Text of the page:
TFWIKI.net stands in support of the SAG strike against numerous video game developers over voice actors’ unfair wages and unaddressed safety concerns. A great many actors who have graced Transformers over the last 30 years are fighting for the betterment of everyone in their field.
“A trail of bodies? Prison break where Loki was held? It had your name written all over it,” Thor hissed. His eyebrows were closely knitted together in frustration.
You maintained your smirk and sarcastic attitude, “Glad to know you see me where ever you go, big bro! The real king sends his regards by the way. It would’ve been so much more fun with him in charge.”
Stuff happened while I was out, part 2: SAG-AFTRA Strike
The second big thing that happened while I was hiking was that SAG-AFTRA, the Screen Actors Guild - American Federation of Television and Radio Artists, has chosen to go on strike because they could not reach an agreement with a confederation of interactive game publishers. This has been brewing for a while, and I am fairly certain it is because of a combination of several factors and imperfect information on both sides. This is probably going to be a pretty lengthy overall discussion, so will break into multiple pieces for brevity’s sake. So let’s try to get into it.
Who is SAG-AFTRA, and why are they striking?
SAG-AFTRA is basically the union that represents all Hollywood (and TV and radio) actors and performers. The voice actors are a part of the union and have a set of demands that the publishers are unwilling to meet. The publishers also have a list of demands that the union members are unwilling to meet. Because neither will give, the union has decided to strike in hopes of forcing the publishers to accede to their demands.
Who are the publishers involved?
The strike directly names these entities:
Activision Publishing Inc.; Blindlight, LLC; Corps of Discovery Films; Disney Character Voices, Inc.; Electronic Arts Productions, Inc.; Formosa Interactive, Inc.; Insomniac Games, Inc.; Interactive Associates, Inc.; Take 2 Interactive Software; VoiceWorks Productions, Inc.; and WB Games, Inc. However, some of these entities like Blindlight, Formosa Interactive, and VoiceWorks Productions are like voice talent booking agencies that connect game studios and publishers with voice talent. Notably absent from the list are Ubisoft, Microsoft, and all Japanese publishers (Nintendo, Sega, Sony, Capcom, Konami, Bandai-Namco, etc.) and dev studios. Most of these have contracted through intermediaries like Blindlight in the past, but nothing prohibits them from going a new direction.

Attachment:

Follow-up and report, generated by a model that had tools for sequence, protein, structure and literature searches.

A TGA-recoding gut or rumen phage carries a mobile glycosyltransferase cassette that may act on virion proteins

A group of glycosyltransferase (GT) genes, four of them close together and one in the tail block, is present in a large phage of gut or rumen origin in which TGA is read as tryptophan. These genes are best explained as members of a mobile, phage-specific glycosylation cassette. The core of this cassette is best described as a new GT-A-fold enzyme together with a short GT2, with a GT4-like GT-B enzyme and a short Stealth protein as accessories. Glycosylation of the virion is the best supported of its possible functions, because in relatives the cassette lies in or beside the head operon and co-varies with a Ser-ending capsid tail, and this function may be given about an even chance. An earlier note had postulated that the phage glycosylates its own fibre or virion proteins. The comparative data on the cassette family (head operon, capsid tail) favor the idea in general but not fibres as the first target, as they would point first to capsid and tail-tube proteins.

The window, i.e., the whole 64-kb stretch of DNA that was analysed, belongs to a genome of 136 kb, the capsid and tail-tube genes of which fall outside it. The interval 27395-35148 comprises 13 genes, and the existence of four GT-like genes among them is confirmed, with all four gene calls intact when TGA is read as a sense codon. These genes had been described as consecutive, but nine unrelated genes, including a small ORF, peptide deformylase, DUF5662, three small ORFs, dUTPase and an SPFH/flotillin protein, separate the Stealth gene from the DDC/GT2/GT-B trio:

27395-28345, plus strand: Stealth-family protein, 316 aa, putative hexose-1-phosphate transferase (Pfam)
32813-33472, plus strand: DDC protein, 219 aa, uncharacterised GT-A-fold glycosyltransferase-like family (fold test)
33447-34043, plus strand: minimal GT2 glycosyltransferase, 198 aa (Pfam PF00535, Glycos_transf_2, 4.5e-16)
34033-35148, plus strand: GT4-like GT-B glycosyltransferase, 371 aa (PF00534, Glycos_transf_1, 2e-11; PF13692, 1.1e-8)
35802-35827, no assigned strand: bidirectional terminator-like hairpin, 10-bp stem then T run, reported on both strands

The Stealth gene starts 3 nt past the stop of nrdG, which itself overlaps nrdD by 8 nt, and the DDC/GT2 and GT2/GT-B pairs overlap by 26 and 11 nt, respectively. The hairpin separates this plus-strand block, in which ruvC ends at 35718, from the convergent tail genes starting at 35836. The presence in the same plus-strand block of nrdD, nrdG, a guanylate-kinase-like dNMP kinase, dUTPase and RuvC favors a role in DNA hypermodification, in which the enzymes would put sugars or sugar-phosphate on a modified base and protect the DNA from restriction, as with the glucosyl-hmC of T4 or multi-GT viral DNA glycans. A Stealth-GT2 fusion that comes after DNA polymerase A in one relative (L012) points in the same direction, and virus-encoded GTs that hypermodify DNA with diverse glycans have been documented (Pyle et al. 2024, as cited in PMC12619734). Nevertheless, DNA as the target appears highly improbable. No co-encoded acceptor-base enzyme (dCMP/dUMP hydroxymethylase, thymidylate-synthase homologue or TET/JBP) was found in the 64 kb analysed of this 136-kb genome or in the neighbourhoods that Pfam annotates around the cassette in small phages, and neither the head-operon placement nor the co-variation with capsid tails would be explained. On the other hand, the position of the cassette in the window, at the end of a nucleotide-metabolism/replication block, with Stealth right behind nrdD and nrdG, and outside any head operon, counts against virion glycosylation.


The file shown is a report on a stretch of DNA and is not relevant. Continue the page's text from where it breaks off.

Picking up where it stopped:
What games are affected by the strike?
Any game that was began production before February 17th, 2015 is unaffected by the strike. Anything that has spun up since is affected by the strike. Games like Mass Effect: Andromeda, Horizon Zero Dawn, Agents of Mayhem, Injustice 2, Prey, etc. are probably all safe. Games by Japanese publishers like Legend of Zelda: Breath of the Wild are safe. What isn’t safe are titles beyond 2017 that you haven’t heard of yet. Chances are pretty good that you, as a player, won’t see any real effect for this strike unless it continues on for years.
What happens to games if the publisher gives in?
Well, the union gets more money and better working conditions and they are generally happier. This also means that the cost of game production will rise, so (because we can’t raise prices on games) we’ll have to cut elsewhere. This probably means that most games will scale back on the number of voiced roles in them to maintain their voice budget in order to accommodate the higher costs involved, but it is also possible that the higher costs will result in cutting elsewhere - fewer quests or other content. Remember, we only have so much budget to distribute. A bigger piece for the voice actors means less to go around for other things. It’s going to come out of the development budget somewhere else.
If you think that the publishing executives are the ones who are going to make up the difference by cutting their own compensation packages, you’re crazy.
What happens to games if the union gives in?
Things go back to the way they have been.
I heard from some famous voice actor that …
Yes. SAG-AFTRA has mobilized as many famous people as it can in order to try to get the public to sympathize with them. The publishers and devs aren’t talking about their side, but most of the public don’t know (or care) who we are, and thus won’t feel particularly sympathetic. Expect the publishers to only issue prepared press releases, while the union members will try to get on camera and in the news as much as possible.
So… what exactly is the union demanding? What about the publishers?